Gymboree Tumbles into Bankruptcy…Again
Children’s clothing retailer Gymboree finds itself in bankruptcy court for the second time in just two years, with a dim outlook this time around. Upon the commencement of the case, the retailer said it intends to close all of its roughly 800-store Gymboree and Crazy 8 retail chains. The retailer’s upscale brand, Janie and Jack, is going up on the auction block next month with a stalking horse bid from the Special Situations Investment Group.
This second bankruptcy case came after a failed attempt to raise capital or sell some or all of the brands outside of court. Certain prepetition lenders have agreed to provide $30 million of debtor-in-possession financing to fund the debtor through the case.
The company aims to conduct the nationwide closing of Gymboree and Crazy 8 store through April 2019 and estimates it will bring in $155 million into the debtor’s estate.
At the time of the filing, the company had about $212 million of total funded debt, comprised of $79.1 million outstanding under the asset-based revolving credit facility, $44.5 million outstanding letters of credit under that facility and $89 million outstanding under a senior secured term loan.
Read Chief Restructuring Officer Stephen Coulombe’s declaration in support of the first-day motions.
View the chapter 11 petition.
Shopko Closing Stores and Selling Pharmacies in Chapter 11
Retailer Shopko (Specialty Retail Shops) filed for chapter 11 with plans to close roughly 100 of its 367 stores during the case. The company is also targeting a quick sale of certain assets also with a timeline proposing a January 26 auction of pharmacy assets including certain locations and closing that sale by March. Shopko is aiming to emerge in three months to limit the costs of the case.
As with most retailers landing in bankruptcy, the company cites the high costs of its large footprint of stores and costs associated with staffing them. Shopko said those costs, mixed with the trend of going to online retailers, has greatly depressed the capital structure and available liquidity. Additionally, the company’s main pharmaceutical supplier, McKesson Corp. pushed to reduce payment terms from 45 days to 1 day, accelerating roughly $70 million of invoices. McKesson ultimately landed on 21-day terms, but that was still not enough for McKesson, who pursued legal action against Shopko for a temporary restraining order to effectuate their demands. The issues with McKesson put even more of financial strain on Shopko, greatly contributing to its decision to file for bankruptcy.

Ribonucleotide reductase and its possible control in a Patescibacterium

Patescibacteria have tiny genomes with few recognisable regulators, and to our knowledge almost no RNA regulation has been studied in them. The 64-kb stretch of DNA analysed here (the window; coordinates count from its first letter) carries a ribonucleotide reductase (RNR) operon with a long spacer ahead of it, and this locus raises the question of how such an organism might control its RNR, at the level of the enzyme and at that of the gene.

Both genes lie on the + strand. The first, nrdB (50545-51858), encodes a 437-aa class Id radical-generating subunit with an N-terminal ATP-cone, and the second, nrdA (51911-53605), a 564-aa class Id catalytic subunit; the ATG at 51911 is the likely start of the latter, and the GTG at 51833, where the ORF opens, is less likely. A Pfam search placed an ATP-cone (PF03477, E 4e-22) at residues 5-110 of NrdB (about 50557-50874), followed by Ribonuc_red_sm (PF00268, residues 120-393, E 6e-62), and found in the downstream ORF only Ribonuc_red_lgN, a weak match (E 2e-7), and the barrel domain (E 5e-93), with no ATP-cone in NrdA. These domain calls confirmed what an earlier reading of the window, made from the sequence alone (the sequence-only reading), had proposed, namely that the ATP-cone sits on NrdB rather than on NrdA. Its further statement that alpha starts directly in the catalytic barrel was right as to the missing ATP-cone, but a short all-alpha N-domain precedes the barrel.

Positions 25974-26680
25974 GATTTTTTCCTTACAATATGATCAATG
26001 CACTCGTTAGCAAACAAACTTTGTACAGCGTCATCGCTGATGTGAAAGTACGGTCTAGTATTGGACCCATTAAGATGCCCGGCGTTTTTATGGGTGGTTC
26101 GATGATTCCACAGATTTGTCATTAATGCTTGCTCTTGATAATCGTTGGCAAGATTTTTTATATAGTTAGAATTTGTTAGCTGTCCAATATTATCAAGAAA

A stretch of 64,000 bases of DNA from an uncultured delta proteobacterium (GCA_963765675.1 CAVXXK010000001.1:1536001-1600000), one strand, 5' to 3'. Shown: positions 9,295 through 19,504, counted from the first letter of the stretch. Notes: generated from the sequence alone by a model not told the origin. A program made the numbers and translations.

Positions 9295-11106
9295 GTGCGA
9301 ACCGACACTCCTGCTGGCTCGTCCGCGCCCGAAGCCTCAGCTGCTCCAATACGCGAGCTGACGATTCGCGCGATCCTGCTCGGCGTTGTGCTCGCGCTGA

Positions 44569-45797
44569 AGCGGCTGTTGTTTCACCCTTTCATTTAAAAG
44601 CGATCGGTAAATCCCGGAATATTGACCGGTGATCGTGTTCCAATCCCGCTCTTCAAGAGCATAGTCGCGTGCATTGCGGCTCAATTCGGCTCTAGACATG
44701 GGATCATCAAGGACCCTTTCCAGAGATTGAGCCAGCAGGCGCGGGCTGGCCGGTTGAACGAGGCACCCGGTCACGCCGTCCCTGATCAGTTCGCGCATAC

The case will be funded by an additional $50 million of liquidity as part of a larger $485 million facility led by prepetition lender Wells Fargo. As of the filing, the company had roughly $440 million of funded debt including $356 million of revolving loans and $83 million of term loans.
Read CEO Russell Stenhorst’s declaration in support of the first-day motions.
View the chapter 11 petition here.
Another Mattress Retailer in Bankruptcy
Innovative Mattress Solutions, operating under Mattress Warehouse, Sleep Outfitters and Mattress King, has filed for chapter 11 just a few months after Mattress Firm filed in October 2018.
The company had been growing since its founding in 1983, with 2015 being its most profitable year. Around that time, the company decided to expand and selected Tempur Sealy as its only provider, but at the same time, competitor Mattress Firm rapidly expanded and used aggressive sales and marketing tactics, which caused a decline in sales for Innovative Mattress Solutions.
Lead creditor Tempur Sealy, which is owed roughly $21 million, has agreed to provide the company with up to $14 million of debtor-in-possession financing to fund the company during the bankruptcy case.
Read founder and CEO Kimberly Knopf’s declaration in support of the first-day motions.
View the chapter 11 petition.